The clearest impact of this is that Hearthstone is easier to pick up than any other card-battler I’ve played, and Blizzard also do the right thing in using Warcraft as a tongue-in-cheek flavour rather than a stodgy base – you need no prior knowledge or love for the series to enjoy the cartoony and superbly-voiced minions.
By being accessible in this way Hearthstone opens itself up for the kind of sneer that’s already darkening plenty of online discussion. ‘Shallow.’ This is the kind of hard-to-substantiate but serious-sounding accusation that sticks around. Depth in card games like Hearthstone comes from the surprises baked into rock-solid fundamentals, the potential in its combinations which players are constantly excavating but never fully uncover. In other words, everything depends on how often Hearthstone’s cards can keep surprising players.
I’ve been playing Hearthstone for around four months now, and in that time have seen the rise and fall of countless ‘unbeatable’ decks – some of which, like the Hunter’s ‘Unleash the Hounds’ one-move kill on turn 6 or 7, were nerfed by Blizzard and some of which, like the Warlock’s Murloc deck, stick around as strong but beatable archetypes. Things have come and gone: the super-passive Druids that bleed out your deck, the Mages dependent on low-cost freezing spells into Alexstraza then Pyroblast, or the Priests and their silly Mind Control nonsense.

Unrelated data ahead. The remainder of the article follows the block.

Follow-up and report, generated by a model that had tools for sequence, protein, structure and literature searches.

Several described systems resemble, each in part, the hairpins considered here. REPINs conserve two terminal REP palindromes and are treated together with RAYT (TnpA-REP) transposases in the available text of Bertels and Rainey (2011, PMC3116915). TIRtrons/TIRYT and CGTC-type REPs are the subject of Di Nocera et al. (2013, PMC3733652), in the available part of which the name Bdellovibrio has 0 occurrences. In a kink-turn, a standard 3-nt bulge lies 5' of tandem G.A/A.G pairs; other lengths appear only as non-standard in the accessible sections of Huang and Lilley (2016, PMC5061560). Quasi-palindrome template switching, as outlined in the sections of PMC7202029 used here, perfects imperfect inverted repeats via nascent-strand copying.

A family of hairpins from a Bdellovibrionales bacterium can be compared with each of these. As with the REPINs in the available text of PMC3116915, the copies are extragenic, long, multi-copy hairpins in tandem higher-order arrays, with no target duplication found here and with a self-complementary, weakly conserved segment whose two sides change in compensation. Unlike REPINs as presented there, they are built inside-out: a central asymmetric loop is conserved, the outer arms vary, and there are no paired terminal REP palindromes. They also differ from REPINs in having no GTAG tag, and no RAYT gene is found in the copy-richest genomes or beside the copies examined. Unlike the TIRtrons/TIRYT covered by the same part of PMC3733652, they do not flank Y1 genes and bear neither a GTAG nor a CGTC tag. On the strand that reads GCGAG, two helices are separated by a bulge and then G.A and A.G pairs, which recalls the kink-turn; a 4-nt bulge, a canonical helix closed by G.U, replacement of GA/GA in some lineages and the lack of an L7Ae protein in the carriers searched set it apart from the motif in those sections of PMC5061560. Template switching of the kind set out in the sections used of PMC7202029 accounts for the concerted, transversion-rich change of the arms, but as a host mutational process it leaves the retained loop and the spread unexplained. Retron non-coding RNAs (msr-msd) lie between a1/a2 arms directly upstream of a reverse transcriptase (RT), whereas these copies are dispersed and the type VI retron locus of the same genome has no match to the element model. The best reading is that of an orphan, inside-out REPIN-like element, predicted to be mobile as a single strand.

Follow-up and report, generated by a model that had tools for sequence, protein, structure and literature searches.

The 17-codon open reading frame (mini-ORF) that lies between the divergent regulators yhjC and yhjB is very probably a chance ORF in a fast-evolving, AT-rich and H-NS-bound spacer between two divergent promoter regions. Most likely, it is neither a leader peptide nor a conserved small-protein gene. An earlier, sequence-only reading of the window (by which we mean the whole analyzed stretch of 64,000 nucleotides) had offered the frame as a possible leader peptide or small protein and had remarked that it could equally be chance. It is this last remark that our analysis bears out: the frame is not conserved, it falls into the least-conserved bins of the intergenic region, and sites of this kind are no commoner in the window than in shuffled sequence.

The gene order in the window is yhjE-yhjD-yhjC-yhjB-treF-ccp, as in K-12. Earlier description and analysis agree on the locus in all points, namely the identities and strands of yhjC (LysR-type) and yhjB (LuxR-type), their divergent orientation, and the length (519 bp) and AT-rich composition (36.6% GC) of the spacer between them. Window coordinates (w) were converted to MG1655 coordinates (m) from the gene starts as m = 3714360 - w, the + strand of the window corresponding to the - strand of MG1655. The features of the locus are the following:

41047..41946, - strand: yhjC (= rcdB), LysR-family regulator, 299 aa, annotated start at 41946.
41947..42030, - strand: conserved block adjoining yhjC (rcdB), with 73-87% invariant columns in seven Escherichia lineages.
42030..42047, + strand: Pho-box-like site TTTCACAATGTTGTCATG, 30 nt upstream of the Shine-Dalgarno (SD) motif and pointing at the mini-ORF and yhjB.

I had a Mage Pyroblast deck, and how Blizzard dealt with its sudden popularity was simple. The Mage has several spells that freeze all enemy minions, which blocks them all for attacking for a turn. With multiple of these, plus a few flamestrikes, the mage could keep the board clear and then in the endgame slam down Alexstraza – a card that reduces one player’s health to 15 (in this case your opponent). Next turn the Mage would unleash super high-damage magic and do 15+ damage to win.
All that Blizzard did here was make the freezing spells more expensive. That might not sound like much but, considering each spell’s mana cost is separate and the original plan depended entirely on freezing enemy minions in the earlygame, it makes the decks super-vulnerable early and clunky to transition out of and into the big endgame. That brutal combo of Alexstraza followed by nasty magic is still open, unchanged, but getting there without taking big damage or wasting key spells is a lot tougher. I still have a deck like this, but let’s just say it’s changed.